What Was the Question? The Consequences of Not Paying Attention
Every day, customers leave a trail of digital bread crumbs. From computers and notebooks to smartphones and in-store transactions, the information contained in available data streamlines the customer experience. It localizes and personalizes it. If your company isn’t gobbling up that trail, using it to gain market share advantage, you aren’t paying attention.
The cool thing about the whole digital marketing process is that data can be analyzed and used in ways that are helpful to both your customer and your company. It saves the customer time and money. It directs them to your product. It provides you with ways to improve branding, generate demand, and influence decisions at critical points.
Starting with something as simple as a friend’s 140-character comment, a filtered photo, a mobile ad, or a drive-by billboard, and ending with a localized offer or directions to a point of sale, the path to purchase can be complex. That’s where a bespoke analytics program, tailored to your goals, is so effective.
Many marketing departments do not understand the methodology behind applying analytics to their marketing plans. They don’t pay attention. They nudge new strategies aside with a wince of apprehension. They fear the result. They’re still rooted to print, which by the way, continues to have strong support, but only in some niche markets. If you aren’t paying attention to what your data is telling you, you’re losing an edge that someone else will use to cut into your market share.
Change can be hard. When you shine the light of analytics on the performance of your marketing plans, media buys, branding, and sales, some previously murky things become transparent. Some long-held love affairs with old ways may prove ineffective. Some strategies may hold pleasant surprises, proving much more profitable than ever imagined. You won’t know unless you pay attention. And do the math. Just to make sure you’re doing it right, ask yourself, and your peers and employees, these questions:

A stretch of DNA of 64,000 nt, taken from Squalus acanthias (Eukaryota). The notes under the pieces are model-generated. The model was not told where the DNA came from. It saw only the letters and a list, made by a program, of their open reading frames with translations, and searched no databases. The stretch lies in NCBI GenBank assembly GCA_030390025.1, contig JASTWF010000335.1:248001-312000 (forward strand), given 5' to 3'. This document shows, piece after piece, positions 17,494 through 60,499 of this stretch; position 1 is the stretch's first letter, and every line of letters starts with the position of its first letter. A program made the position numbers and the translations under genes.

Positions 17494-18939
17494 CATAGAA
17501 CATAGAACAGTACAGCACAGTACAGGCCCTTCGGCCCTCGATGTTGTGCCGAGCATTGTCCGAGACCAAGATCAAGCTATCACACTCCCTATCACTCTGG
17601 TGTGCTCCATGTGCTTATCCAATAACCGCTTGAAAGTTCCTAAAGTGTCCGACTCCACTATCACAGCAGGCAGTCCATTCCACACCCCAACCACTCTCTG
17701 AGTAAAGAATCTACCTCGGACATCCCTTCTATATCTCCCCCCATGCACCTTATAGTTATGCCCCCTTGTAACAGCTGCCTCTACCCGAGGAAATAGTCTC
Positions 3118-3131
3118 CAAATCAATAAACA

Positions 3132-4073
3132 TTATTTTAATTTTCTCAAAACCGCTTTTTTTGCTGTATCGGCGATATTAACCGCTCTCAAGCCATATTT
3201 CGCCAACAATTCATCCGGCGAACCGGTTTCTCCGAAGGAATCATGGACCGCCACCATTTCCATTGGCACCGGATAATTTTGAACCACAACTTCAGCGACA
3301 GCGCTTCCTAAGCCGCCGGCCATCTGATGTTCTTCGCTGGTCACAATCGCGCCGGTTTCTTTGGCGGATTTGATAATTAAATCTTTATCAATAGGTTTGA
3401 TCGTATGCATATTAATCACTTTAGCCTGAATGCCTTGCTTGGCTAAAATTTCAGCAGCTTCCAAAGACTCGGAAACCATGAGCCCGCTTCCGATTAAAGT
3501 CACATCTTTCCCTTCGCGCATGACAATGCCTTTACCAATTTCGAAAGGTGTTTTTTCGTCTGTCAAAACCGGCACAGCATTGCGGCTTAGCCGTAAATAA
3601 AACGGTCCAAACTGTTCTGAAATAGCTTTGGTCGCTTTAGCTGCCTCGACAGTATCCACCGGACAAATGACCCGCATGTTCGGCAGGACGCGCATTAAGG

Are your marketing goals clearly defined? Your goals and objectives drive your media choices. If not clearly stated, you may be sending resources to the wrong channels. Misappropriated marketing dollars are painful, and anything that does not positively reinforce brand perception and brand awareness is just plain ugly. Put analytics to good use here and direct dollars to performance.
Are those choices backed up with accurate, empirically proven attribution via analytics? Analytics can help you here, but only if you are spotting the stars and ditching the dogs, based on solid metrics. Connecting the attribution dots between sales, orders, leads, and return on investment to the numbers on searches, emails, displays, PR, and even offline channels in print, radio, and TV will put marketing on a credible, accountable, solid status. Data in, analytics applied, attributable results out. No shadows. No magic. Just facts that illustrate and emphasize the importance of marketing as a profit center and sales driver.
Then, you will have everyone’s attention. Even that of your competitors.